Reviewed by Steven H Silver
Stanislaw Lem, Poland's premier science fiction author, writes science fiction in much the same way Kurt Vonnegut writes science fiction. He uses many of the tropes and buzz words of science fiction in a way which makes little internal sense in order to satirize contemporary society. Moreover, Much of Lem's writings, particularly his tales of Pirx the Pilot and Ijon Tichy, blend his satire with theater of the absurd. This strange, but functional, mixture can easily be seen in Lem's 1974 novel, The Futurological Congress, which follows Ijon Tichy on another of his myriad implausible adventures. Tichy was introduced in English in 1971 in Dzienniki Gwiazdowe (The Star Diaries), which chronicled twelve of Tichy's odd voyages. His Polish debut occured several years earlierin the 1950s.
In the same year, Lem published Kongres futurologiczny (The Futurological Congress), which detailed Tichy's journey to a meeting of futurists in Costa Rica. When a coup breaks out, Tichy finds himself drugged, shot, frozen, and awoken in the year 2039. Although the indiginous inhabitants view their society as practically utopic, Tichy views the world as anything but. Lem's New York of 2039 is built on the remains of the American capitalist system, something which strikes fear into the hearts of good socialists, as Tichy's character is.
More interesting is the role drugs play in the twenty-first century. Writing at a time when chemical research was giving the world LSD, Valium and similar widespread medications, Lem posits a future in which people can change their outlooks, personalities, etc. or get their educations via drug ingestion. In many ways, the reliance of drugs in The Futurological Congress presages the way many characters use software to augment themselves in modern cyberpunk novels. Tichy's reluctance to experiment with the various drugs, and his abhorence of their effects, serve as Lem's warning about the drug culture which was flourishing at the time he wrote the novel. These warnings, made nearly thirty years ago, still hold true for any addictive substance, whether drugs or technology.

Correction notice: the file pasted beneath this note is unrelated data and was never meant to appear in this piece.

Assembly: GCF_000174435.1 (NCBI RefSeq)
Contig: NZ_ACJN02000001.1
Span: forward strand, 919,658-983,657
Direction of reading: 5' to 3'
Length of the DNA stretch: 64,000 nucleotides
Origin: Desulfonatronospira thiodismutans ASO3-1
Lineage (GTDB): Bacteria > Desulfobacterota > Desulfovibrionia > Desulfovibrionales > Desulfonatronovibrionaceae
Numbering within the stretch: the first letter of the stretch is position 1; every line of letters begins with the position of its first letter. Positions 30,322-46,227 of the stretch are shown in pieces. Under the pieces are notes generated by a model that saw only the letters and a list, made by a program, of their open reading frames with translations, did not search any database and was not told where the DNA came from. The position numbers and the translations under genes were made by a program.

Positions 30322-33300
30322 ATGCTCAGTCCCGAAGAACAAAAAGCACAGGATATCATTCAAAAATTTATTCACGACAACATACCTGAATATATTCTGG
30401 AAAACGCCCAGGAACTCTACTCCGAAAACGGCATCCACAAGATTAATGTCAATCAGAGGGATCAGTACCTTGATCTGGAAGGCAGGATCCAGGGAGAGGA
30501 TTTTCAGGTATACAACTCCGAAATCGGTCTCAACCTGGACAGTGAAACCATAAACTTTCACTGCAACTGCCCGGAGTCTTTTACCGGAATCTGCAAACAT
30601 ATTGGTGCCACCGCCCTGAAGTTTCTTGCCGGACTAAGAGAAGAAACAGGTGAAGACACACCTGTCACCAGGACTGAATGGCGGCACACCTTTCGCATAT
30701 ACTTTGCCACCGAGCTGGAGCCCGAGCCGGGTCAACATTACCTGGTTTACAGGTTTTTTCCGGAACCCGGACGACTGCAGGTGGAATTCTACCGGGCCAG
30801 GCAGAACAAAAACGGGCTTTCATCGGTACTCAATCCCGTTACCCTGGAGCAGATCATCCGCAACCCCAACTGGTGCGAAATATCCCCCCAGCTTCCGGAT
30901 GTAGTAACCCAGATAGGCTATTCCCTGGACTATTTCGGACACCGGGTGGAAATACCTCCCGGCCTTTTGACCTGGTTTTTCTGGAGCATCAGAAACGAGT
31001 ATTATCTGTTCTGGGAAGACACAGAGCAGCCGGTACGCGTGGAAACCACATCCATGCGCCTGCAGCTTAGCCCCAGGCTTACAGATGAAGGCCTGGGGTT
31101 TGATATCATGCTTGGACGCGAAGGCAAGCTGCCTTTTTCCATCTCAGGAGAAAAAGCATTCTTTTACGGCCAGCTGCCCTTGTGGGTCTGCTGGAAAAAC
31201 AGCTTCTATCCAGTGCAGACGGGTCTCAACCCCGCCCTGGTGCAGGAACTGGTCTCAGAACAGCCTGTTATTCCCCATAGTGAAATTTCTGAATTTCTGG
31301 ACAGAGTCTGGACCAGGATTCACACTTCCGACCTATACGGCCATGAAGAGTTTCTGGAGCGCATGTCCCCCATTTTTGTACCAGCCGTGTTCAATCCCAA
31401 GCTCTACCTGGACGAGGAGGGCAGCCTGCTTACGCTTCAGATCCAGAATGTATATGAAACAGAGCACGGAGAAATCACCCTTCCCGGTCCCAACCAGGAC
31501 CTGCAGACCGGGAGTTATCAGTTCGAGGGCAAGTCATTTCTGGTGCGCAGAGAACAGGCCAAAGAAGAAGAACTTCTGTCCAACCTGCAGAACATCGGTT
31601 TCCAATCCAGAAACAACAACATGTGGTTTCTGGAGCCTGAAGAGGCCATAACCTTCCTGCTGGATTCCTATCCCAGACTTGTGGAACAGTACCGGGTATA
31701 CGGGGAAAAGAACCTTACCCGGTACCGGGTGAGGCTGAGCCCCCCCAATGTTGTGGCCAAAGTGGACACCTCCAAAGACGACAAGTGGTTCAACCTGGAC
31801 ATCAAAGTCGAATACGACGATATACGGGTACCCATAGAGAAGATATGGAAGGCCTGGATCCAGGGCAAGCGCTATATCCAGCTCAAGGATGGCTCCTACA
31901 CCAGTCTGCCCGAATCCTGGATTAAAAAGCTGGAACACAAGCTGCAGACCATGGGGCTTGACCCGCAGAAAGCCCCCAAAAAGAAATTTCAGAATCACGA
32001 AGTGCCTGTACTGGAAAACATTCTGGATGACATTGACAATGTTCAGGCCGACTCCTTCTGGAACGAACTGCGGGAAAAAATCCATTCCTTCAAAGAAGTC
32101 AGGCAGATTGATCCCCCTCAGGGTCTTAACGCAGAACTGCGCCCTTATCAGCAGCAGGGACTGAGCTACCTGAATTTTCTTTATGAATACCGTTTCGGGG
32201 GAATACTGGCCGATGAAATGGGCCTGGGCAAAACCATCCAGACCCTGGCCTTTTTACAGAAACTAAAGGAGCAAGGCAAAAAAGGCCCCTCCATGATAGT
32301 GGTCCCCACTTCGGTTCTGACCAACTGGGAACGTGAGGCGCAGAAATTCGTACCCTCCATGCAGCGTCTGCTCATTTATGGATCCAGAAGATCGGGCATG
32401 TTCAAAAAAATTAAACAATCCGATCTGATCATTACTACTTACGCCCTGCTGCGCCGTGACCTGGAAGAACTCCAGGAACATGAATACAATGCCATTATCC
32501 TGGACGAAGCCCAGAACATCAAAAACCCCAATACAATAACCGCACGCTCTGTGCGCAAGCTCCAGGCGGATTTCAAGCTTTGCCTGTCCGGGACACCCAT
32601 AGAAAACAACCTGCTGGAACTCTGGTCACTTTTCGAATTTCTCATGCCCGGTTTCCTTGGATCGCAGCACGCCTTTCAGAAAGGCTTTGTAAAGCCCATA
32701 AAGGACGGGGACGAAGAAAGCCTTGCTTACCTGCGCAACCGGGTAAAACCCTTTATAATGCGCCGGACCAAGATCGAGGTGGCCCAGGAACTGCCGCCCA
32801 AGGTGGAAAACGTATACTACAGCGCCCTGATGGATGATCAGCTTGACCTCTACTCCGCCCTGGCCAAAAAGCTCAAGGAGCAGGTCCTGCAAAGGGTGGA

As much to be creditted with this edition of The Futurological Congress as Stanislaw Lem, is Lem's long-time translator, Michael Kandel. Lem's book frequently resorts to the neologisms which Lem has created to help portray his odd-ball future. Kandel manages to translate these words well into English, frequently incorporating puns and double entendres into the work in keeping, I presume, with the feel of the original Polish text.
Even with Kandel's translations, Lem's writing is not the easiest in the world. Since he is using science fictional trappings without really writing science fiction, he frequently resorts to ideas which don't really have internal, let alone external logic. Because he is writing a novel of the absurd, events are not strictly tied to causes, and vice versa. Nevertheless, Lem writes with a humor underlined by his commentary on the way the world is, and he does so in a manner that The Futurological Congress is as appropriate in 1998 as it was in 1971.
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